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Managing Your Debts
How to Regain Financial Health

... Continued From Previous Page

What Others Can Do For You

Credit Counseling and Debt Management. If you are unable to make satisfactory arrangements with your creditors, there are organizations that can help. Nonprofit consumer credit counseling and debt management agencies provide education and counseling to families and individuals. For consumers who want individual help, counselors with professional backgrounds in money management and counseling can provide support. A counselor will work with you to develop a budget to maintain your basic living expenses and outline options for addressing your total financial situation.

If creditors are pressing you, a credit counselor can also negotiate with these creditors to repay your debts through a debt management plan. Under this plan, creditors often agree to reduce payments, lower or drop interest and finance charges, and waive late fees and over-the-limit fees. After starting the plan, you deposit money with the debt management agency each month to cover the negotiated payment amounts. The agency will distribute this money to your creditors to repay your debts.

Supported mainly by contributions from community organizations, financial institutions, and merchants, nonprofit consumer credit counseling agencies provide services free or at a low cost to individuals seeking help. To contact a credit counseling agency, look in your telephone directory white pages, or if you prefer confidential assistance from the comfort of your home, check out the various resources on our site.

Personal Bankruptcy. Bankruptcy is a legal procedure which can give people who cannot pay their bills a fresh start. A decision to file for bankruptcy is a serious step. You should make it only if it is the best way to deal with financial problems.

There are two types of bankruptcy available to most individuals:

Chapter 13 or "reorganization" allows debtors to keep property which they might otherwise lose, such as a mortgaged house or car. Reorganizations may allow debtors to pay off or cure a default over a period of three to five years, rather than surrender property.

Chapter 7 or "straight bankruptcy" involves liquidation of all assets that are not exempt in your state. The exempt property may include items such as work-related tools and basic household furnishings, among others. Some of your property may be sold by a court-appointed official or turned over to your creditors. You can file for Chapter 7 only once every six years.

Both types of bankruptcy may get rid of unsecured debts (those where creditors have no rights to specific property), and stop foreclosures, repossessions, garnishments, utility shutoffs, and debt collection activities. Both types also provide exemptions that permit most individual debtors to keep most of their assets, though these "exemption" amounts vary greatly from state to state.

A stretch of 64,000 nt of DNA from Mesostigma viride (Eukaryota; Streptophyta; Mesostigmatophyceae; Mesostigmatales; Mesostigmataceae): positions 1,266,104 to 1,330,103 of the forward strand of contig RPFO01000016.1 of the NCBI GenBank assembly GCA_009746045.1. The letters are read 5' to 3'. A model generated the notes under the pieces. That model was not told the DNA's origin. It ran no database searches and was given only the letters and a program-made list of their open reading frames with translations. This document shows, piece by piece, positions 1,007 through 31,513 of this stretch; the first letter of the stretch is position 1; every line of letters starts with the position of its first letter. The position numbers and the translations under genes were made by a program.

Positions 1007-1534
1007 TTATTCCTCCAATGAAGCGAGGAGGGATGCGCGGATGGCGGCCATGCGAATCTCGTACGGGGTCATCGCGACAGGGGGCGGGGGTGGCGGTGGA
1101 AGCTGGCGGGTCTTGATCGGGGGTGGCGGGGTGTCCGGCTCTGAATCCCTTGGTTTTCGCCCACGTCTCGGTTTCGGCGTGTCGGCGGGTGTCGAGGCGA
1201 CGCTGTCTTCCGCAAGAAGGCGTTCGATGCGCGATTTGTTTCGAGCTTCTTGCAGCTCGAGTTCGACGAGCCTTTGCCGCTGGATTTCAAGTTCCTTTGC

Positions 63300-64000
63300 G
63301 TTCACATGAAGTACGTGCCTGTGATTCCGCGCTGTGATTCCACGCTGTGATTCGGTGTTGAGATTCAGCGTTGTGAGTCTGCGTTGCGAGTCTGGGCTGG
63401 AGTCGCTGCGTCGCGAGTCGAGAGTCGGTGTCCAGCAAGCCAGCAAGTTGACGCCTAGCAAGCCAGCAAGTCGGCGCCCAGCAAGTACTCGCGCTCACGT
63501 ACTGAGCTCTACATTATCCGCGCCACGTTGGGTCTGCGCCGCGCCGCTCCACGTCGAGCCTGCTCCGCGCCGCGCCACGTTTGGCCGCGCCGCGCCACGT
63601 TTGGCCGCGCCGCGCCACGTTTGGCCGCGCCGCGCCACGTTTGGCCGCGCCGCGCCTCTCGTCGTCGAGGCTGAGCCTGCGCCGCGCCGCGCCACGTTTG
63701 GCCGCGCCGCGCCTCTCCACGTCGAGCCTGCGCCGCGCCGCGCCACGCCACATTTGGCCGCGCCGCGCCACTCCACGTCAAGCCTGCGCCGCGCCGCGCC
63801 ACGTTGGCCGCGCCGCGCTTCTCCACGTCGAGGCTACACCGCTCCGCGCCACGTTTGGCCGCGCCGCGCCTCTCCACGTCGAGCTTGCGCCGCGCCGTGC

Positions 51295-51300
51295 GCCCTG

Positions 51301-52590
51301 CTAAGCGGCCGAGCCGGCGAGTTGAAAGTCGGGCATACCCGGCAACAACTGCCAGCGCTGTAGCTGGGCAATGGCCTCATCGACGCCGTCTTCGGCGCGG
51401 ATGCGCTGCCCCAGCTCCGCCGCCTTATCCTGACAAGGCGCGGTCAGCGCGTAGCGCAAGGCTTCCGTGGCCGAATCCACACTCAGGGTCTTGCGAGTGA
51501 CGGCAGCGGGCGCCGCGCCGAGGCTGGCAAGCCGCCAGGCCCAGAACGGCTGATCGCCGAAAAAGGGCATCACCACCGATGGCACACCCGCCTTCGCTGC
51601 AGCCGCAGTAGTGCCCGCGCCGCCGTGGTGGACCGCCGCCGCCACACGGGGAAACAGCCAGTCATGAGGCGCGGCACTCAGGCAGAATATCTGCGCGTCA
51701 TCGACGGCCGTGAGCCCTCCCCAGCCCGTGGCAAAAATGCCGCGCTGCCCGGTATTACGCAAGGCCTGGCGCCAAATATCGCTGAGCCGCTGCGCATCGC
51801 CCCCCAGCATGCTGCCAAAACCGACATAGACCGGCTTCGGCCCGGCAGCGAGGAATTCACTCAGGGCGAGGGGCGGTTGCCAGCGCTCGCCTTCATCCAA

Bankruptcy cannot clean up a bad credit record and will be part of this record for up to ten years. It can, for example, make it more difficult to get a mortgage to buy a house. It usually does not wipe out child support, alimony, fines, taxes, and some student loan obligations. Also, unless under Chapter 13 you have an acceptable plan to catch up on your debt, bankruptcy usually does not permit you to keep property when the creditor has an unpaid mortgage or lien on it.

Bankruptcy cases must be filed in federal court. The filing fee is $160, which sometimes may be paid in installments. This fee does not include the fees of your bankruptcy lawyer.

Choosing a bankruptcy lawyer may be difficult. Some lawyers make easy money by handling hundreds of bankruptcy cases without adequately considering individual needs. Recommendations from those you know and trust, and from employee assistance programs, are most useful.

For a FREE Bankruptcy Evaluation, call 877-828-0606.

Fair Debt Collection Practices Act

The Fair Debt Collection Practices Act prohibits a debt collector from showing what you owe to anyone but your attorney, harassing or threatening you, using false statements, giving false information about you to anyone, and misrepresenting the legal status of your debts. Remember that under other federal laws to collect debts, creditors cannot seize most government assistance and can only garnish a portion of wages to collect debts.

A Final Word

Don't lose hope, even if you despair of ever recovering financially. You can regain financial health if you act. Pursuing the options presented in this article can put you on the road to financial recovery.

 


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